Championed by Big Oil as the fastest way to reduce emissions and reviled by environmentalists who say the world needs to ditch all fossil fuels -- the debate over natural gas may be one of the controversial aspects of climate change.
The arguments will get an airing as politicians, activists and business leaders gather for Climate Week in New York. On Monday, CEOs of the world’s largest oil companies are expected to speak at an event organized by the Oil and Gas Climate Initiative where they’ll likely defend the idea that gas is integral to a low-carbon future.
Here are six key arguments about gas, starting with the case for the fuel:
1. Gas is killing coal
When burned cleanly, gas releases about half as much carbon as coal. Gas has been on a coal-killing advance across the US power market for the last decade.
2. Gas helps bring down emissions
Cleaner electricity generation means the US economy can still grow and produce lower emissions. Greenhouse gas emissions have been on a flat-to-downward trend for the past decade.
3. Gas will be affordable long-term
Thanks to fracking, which releases fossil fuels from hitherto impermeable shale rock, American gas is so abundant that producers can’t find enough domestic demand and are rushing to export. That means local prices are cheap and look like they’ll stay that way.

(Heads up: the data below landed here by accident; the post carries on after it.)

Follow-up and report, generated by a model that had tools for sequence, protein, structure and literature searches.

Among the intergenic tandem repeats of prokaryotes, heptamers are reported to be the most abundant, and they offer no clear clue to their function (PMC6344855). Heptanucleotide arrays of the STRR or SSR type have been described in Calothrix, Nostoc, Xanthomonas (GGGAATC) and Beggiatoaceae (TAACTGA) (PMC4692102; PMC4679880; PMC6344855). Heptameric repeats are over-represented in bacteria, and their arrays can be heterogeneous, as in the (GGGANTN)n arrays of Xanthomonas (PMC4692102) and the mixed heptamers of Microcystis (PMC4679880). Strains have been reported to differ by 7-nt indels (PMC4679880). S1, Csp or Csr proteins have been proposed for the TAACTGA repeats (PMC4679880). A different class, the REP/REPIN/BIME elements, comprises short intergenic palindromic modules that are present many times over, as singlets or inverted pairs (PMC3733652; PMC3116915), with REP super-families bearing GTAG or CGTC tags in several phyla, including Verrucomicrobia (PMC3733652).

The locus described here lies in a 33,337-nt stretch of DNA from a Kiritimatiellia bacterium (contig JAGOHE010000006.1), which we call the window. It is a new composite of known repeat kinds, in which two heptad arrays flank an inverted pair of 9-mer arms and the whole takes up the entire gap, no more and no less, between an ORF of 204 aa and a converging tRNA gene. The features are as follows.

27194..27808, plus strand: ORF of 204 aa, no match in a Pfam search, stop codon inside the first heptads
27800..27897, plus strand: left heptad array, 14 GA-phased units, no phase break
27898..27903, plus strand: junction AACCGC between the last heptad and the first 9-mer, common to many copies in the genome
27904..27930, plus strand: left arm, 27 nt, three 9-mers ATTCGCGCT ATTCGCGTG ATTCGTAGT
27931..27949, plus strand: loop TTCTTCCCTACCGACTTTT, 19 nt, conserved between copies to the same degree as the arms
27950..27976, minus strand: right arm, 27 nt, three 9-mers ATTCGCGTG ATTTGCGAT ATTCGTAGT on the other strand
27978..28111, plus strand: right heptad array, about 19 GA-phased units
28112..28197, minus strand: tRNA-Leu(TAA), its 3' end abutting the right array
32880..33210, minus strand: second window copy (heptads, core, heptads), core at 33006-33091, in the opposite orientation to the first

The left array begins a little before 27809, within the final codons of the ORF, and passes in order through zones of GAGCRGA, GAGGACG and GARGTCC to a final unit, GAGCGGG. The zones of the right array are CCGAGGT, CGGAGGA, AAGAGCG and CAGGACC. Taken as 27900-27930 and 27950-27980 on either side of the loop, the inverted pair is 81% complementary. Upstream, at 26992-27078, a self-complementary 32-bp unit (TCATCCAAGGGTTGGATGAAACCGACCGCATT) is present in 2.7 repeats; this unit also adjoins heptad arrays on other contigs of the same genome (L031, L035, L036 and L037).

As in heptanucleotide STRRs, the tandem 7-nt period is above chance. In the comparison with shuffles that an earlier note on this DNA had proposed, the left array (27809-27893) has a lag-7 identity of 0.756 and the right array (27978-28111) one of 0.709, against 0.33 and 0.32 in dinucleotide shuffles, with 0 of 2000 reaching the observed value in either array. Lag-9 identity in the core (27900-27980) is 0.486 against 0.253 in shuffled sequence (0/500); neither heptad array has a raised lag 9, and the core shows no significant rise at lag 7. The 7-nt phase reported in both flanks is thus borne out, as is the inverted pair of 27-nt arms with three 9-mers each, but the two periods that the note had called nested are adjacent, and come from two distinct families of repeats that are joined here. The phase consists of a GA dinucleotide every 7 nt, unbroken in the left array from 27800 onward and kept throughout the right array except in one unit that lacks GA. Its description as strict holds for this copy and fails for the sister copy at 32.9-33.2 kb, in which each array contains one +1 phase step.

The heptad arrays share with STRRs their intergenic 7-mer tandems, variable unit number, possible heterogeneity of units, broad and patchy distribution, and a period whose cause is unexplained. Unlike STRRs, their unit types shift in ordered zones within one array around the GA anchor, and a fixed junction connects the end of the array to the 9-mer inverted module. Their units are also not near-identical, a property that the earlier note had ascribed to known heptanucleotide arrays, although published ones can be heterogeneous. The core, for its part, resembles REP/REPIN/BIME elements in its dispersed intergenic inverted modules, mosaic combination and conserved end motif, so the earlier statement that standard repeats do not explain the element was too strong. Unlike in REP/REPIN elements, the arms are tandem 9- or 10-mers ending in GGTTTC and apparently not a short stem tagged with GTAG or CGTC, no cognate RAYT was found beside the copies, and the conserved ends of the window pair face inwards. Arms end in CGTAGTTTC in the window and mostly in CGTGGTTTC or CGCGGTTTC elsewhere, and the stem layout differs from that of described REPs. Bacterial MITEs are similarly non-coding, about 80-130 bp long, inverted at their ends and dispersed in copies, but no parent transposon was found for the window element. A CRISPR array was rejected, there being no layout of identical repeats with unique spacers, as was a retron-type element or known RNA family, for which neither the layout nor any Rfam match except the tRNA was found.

And here’s the case against gas:
1. Gas means carbon is unavoidable
While carbon dioxide emitted from gas-fired power is lower than coal (see above), locking in gas as a fuel means those emissions won’t go to zero any time in the foreseeable future. Indeed, as the US becomes increasingly addicted to gas, emissions from the fuel are rising in absolute terms, overtaking coal.
2. Gas is being wasted
Excess gas from oil wells is burned off in flaring, releasing carbon dioxide. The amount of gas being wasted has surged in the US due to the fracking boom, as pipeline capacity can’t keep pace.
3. Gas leaks
Another problem is gas leaking from pipelines and processing plants into the atmosphere. Methane is 84 times more efficient at trapping heat than carbon dioxide over a 20-year period. It’s the “Achilles heel" of the gas industry, according to Susan Dio, chairman of BP Plc’s U.S. division. There’s been a substantial rise in global methane levels over the past 10 years, according to the National Oceanic and Atmospheric Administration. A Cornell University study published in August traced the extra emissions to fracking in North America.
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